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Estate tax may not be straightforward in California and elsewhere

The government requires money in order to operate and continue providing necessary services for a safe and productive society. However, in order to obtain these required operating funds, the government must levy taxes on the population which it governs in California and in every other state. Most people are aware of the income tax system and how it works. On the other hand, many are not so familiar with how the estate tax and gift tax system operates.

The difference between the estate tax and the gift tax is the difference between life and death. Certain transfers of assets that a person makes while still alive are subject to gift taxes. This may include real estate, money or interests in a portion of property or even a business. Alternatively, the estate tax is different from the gift tax because the estate tax is levied following a person's death.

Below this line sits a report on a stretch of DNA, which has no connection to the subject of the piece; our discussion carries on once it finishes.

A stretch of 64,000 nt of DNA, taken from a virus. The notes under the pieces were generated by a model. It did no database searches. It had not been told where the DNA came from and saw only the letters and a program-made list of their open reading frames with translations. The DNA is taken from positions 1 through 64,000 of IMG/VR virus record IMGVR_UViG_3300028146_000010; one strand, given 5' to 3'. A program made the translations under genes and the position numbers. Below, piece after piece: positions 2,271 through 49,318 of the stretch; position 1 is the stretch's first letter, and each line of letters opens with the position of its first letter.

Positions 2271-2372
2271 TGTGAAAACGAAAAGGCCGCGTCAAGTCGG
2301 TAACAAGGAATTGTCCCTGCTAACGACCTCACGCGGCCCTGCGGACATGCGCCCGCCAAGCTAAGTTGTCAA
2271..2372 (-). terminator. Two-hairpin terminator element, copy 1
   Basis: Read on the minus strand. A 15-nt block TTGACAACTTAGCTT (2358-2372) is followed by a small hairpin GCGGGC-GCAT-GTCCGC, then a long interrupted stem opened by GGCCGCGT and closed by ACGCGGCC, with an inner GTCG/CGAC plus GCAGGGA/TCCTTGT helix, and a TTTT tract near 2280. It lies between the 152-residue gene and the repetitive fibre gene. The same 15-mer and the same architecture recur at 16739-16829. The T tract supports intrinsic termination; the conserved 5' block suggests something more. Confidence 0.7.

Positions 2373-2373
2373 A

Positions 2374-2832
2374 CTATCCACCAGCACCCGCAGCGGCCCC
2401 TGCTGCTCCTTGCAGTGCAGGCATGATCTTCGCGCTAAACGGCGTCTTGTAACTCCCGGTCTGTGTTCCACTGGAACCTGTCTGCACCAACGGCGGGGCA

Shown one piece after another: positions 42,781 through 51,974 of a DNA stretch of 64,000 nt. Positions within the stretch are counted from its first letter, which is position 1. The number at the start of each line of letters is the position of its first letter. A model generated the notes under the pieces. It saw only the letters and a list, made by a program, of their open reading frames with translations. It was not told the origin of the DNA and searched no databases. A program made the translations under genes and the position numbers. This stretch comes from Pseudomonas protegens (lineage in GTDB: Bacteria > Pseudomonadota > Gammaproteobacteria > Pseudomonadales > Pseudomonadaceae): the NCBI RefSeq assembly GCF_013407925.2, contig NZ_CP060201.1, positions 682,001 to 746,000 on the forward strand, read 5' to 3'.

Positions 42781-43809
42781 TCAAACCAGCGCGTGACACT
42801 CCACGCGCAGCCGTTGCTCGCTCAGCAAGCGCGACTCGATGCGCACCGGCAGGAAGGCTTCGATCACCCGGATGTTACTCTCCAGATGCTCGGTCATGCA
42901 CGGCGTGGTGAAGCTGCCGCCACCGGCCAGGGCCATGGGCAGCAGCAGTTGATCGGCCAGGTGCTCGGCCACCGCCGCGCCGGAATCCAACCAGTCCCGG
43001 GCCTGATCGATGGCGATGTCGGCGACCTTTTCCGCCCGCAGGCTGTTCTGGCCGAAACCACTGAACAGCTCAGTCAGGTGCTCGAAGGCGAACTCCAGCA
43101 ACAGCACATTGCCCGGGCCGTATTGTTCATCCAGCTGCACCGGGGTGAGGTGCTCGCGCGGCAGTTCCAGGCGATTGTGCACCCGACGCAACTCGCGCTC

However, not everybody's estate is subject to the estate tax. According to 2013 laws, the estate of a decedent is not liable for estate taxes from the federal government for assets under $5.25 million. This amount is continually adjusted in order to take inflation into consideration. Therefore, most American taxpayers will not be responsible for paying federal estate taxes.

On the other hand, one should not be too quick to dismiss the federal estate tax. Those in California or in any other state should know that some property which one may not consider to be a part of one's estate is actually counted as part of the estate by the government. For example, many people do not realize that life insurance owned by the decedent or the employer of the decedent is also considered a part of the decedent's estate. Therefore, it is important to have a strong understanding of applicable estate laws in order to minimize tax liabilities.

Source: Fox Business, "The Basics of Estate Planning," Constance Fontaine, June 19, 2013

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